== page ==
We place high priority on preventative care for your pet. Our goal is to improve your pet’s quality of life, as well as their longevity. Our wellness programs are designed specifically for your pet, and include comprehensive physical exam, vaccination program, heartworm and flea control, internal parasite testing, and specialized in house blood tests for all life stages. The time and effort invested in wellness programs is truly worth it for you and your pet.
Microchips have helped reunite thousands of pets with their families. We offer microchipping with the most widely used microchip products; this increases the chances of a safe recovery.
Follow these simple stool sample steps:
Fresh is best! Collect your dog's sample right after they do their doody and bring it to your vet or refrigerate immediately.
A sample that's not been picked up off the ground right away could become contaminated by pollens, bugs, and other environmental contaminants - making diagnosis more difficult.
Double bag in a plastic bag or use a veterinarian provided container.
Deliver your dog's sample to your vet within 12 hours to make sure it's the best possible sample for testing.
Your gift of poop doesn't need to be the whole bag (looking at you, Great Danes). Bring a golf ball size sample.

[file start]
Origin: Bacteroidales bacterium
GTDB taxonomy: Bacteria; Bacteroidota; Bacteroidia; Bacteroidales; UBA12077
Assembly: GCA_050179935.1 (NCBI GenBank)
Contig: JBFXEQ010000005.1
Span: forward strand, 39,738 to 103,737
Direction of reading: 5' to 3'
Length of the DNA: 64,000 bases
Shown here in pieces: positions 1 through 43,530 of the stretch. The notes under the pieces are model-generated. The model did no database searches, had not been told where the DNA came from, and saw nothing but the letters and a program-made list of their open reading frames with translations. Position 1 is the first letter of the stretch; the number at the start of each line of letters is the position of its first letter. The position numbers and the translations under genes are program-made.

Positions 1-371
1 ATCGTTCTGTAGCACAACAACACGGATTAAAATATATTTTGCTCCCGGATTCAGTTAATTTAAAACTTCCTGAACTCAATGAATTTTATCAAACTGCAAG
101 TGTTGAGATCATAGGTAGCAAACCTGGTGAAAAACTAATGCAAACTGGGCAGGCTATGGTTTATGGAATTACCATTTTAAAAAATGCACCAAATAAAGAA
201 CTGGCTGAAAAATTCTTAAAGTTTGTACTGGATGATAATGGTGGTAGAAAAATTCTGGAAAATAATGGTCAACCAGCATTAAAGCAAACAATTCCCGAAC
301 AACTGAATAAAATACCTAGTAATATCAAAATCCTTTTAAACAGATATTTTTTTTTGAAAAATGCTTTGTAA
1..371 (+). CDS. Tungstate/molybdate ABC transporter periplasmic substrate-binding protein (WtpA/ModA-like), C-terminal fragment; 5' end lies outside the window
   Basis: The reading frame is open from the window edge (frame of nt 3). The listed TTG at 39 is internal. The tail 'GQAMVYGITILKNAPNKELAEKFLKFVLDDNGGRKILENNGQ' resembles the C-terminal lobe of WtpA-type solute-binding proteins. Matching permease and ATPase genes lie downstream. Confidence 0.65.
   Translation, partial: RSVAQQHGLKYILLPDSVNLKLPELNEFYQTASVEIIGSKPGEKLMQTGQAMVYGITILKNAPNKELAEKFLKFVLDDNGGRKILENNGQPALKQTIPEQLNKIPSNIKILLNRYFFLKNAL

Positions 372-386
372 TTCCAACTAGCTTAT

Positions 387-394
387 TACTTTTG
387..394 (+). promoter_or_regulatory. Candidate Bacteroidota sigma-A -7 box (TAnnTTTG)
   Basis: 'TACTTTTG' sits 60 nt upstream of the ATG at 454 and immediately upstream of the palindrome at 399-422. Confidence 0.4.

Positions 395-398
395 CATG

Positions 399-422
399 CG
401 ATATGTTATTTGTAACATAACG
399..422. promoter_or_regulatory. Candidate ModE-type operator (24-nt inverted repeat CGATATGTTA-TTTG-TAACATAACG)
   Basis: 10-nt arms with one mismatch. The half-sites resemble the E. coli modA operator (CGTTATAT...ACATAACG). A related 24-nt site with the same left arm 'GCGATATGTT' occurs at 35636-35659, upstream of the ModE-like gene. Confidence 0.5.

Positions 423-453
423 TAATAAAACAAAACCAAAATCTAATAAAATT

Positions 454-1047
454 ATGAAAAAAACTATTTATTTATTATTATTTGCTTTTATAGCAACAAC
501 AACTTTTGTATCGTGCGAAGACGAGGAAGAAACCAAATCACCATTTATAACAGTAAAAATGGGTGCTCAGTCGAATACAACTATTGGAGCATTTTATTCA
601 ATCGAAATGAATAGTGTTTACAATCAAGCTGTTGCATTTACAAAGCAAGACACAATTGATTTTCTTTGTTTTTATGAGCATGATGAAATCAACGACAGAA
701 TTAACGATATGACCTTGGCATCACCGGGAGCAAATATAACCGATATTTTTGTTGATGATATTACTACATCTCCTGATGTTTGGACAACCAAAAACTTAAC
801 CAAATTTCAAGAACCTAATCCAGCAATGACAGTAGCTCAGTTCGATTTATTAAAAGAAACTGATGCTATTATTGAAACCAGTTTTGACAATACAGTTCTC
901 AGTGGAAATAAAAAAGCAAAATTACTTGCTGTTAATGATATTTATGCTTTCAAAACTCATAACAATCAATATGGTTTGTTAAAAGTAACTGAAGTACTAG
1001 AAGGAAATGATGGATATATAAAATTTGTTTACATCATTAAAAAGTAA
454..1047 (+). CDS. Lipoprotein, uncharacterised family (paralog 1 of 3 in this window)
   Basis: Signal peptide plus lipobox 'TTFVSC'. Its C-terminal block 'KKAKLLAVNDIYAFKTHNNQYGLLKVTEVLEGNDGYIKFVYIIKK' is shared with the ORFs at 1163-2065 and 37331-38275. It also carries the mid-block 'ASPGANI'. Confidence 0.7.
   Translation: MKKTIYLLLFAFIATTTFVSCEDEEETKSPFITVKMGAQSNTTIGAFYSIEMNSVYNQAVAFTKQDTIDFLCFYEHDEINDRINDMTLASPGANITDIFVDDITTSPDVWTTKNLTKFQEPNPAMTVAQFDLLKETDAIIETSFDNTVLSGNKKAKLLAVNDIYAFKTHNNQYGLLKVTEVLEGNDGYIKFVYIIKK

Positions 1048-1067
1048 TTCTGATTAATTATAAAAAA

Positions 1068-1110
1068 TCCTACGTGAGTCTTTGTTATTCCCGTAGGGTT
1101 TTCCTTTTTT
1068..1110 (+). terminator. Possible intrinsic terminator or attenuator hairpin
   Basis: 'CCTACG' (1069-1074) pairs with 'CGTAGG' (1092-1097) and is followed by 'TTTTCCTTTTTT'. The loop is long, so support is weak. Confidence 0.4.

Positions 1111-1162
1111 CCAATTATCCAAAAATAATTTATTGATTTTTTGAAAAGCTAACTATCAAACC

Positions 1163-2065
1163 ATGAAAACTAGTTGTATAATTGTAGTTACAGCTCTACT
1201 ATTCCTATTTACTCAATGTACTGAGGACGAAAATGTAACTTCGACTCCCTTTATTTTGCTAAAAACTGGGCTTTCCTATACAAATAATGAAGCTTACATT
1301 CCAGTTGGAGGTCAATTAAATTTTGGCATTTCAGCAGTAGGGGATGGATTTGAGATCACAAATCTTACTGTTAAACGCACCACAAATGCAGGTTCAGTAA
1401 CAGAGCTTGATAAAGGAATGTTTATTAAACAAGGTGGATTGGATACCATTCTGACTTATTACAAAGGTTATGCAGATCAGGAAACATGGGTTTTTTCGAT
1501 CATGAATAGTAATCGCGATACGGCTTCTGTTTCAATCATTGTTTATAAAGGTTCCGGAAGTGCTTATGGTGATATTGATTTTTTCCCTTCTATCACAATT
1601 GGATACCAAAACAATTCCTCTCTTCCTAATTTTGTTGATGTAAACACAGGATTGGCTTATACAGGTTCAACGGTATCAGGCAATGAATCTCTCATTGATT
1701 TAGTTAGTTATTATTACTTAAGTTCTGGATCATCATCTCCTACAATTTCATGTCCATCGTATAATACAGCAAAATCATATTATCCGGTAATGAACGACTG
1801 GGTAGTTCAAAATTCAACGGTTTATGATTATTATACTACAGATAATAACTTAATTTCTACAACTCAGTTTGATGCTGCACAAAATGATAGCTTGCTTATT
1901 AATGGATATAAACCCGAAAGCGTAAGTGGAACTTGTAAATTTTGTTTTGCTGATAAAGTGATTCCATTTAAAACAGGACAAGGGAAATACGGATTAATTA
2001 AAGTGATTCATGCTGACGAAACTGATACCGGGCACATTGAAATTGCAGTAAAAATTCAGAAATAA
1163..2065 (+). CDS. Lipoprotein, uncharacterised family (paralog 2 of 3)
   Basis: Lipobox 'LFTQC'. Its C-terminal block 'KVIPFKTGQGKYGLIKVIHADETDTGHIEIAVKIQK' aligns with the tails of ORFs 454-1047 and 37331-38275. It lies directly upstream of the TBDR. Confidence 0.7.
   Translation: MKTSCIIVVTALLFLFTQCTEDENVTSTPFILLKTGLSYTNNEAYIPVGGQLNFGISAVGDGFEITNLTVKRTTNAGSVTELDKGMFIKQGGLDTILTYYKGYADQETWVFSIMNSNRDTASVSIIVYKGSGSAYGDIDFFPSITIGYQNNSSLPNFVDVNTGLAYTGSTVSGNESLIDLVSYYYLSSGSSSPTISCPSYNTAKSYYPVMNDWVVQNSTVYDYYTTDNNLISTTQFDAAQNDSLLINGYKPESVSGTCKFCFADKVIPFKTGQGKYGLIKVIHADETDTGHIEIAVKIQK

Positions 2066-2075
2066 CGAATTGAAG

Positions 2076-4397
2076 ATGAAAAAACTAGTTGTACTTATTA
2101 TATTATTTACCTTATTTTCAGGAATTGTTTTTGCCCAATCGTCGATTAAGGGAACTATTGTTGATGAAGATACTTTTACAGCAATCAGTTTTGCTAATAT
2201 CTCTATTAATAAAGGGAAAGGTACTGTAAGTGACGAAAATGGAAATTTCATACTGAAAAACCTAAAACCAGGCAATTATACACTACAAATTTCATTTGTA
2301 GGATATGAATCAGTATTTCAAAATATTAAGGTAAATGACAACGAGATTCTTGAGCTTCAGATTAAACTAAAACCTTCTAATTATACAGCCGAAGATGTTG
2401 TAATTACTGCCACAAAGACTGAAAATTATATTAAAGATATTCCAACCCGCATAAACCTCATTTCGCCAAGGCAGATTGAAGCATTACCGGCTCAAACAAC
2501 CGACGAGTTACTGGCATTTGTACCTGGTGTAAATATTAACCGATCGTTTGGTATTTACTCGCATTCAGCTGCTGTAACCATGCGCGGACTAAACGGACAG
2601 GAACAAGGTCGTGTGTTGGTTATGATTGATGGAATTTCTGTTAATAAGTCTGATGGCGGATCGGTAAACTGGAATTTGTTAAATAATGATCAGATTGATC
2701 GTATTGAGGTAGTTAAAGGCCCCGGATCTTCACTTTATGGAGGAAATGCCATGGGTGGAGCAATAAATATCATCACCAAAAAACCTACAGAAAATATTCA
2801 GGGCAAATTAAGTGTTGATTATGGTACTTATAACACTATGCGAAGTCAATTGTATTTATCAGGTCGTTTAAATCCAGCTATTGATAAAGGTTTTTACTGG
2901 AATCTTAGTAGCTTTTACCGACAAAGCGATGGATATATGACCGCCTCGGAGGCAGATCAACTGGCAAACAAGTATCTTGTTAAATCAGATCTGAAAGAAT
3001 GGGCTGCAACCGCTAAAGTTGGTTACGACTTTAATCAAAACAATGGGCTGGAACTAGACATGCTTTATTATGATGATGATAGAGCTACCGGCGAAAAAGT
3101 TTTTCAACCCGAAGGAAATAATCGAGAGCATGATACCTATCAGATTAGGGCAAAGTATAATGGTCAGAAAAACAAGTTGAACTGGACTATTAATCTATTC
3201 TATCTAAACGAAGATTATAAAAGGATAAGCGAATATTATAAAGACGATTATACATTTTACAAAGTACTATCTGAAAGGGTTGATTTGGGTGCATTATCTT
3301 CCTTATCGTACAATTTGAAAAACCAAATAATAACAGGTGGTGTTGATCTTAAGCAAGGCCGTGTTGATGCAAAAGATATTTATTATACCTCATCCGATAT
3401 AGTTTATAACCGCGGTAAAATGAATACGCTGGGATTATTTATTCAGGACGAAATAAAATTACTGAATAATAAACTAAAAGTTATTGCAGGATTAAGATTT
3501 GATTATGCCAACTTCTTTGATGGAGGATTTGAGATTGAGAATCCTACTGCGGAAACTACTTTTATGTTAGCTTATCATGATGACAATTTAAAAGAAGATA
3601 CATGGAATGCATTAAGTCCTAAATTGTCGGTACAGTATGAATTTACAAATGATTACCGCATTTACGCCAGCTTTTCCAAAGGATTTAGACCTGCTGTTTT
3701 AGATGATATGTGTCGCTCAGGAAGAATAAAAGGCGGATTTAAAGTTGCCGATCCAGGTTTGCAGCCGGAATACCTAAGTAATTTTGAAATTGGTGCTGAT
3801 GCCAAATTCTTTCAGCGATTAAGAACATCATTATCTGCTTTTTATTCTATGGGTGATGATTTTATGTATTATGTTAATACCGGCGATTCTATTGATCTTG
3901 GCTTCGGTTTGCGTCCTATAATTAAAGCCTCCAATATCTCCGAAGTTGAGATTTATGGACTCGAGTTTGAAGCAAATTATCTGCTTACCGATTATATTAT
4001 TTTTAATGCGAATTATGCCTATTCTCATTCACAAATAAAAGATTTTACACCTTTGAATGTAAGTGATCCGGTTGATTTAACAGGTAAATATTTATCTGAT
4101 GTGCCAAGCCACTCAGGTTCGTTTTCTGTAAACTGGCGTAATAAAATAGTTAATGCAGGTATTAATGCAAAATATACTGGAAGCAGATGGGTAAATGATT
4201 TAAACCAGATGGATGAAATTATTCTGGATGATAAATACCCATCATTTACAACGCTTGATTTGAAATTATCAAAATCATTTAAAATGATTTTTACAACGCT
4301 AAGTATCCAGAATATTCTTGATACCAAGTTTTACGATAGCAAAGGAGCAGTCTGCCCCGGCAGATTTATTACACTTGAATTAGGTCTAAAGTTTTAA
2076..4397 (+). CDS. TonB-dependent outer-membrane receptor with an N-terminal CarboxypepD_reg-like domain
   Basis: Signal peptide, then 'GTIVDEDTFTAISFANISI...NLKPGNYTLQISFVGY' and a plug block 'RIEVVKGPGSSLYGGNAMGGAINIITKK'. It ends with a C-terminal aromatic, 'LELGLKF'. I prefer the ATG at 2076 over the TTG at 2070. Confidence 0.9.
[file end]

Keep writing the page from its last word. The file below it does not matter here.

How to collect your dog's urine sample:
Try to get as fresh a sample as possible (ideally within a few hours of your dog's appointment).
With your dog on a leash and your collection vessel (glass or plastic, shallow Tupperware type container or a soup ladle) in hand, take your dog outside. ( Suggestion: use a container that you don't care about getting back).
Use a clean container
Keep your dog close to you and pay close attention - never use a retractable leash and don't be checking your emails or chatting on your phone - the moment can come and "go" quickly!
When your dog squats or lifts their leg to pee, carefully place your container into their urine stream and gather a sample of their pee. Immediately cover the container after collection so as not to contaminate or spill it. That's it, easy peasy ... most of the time, at least.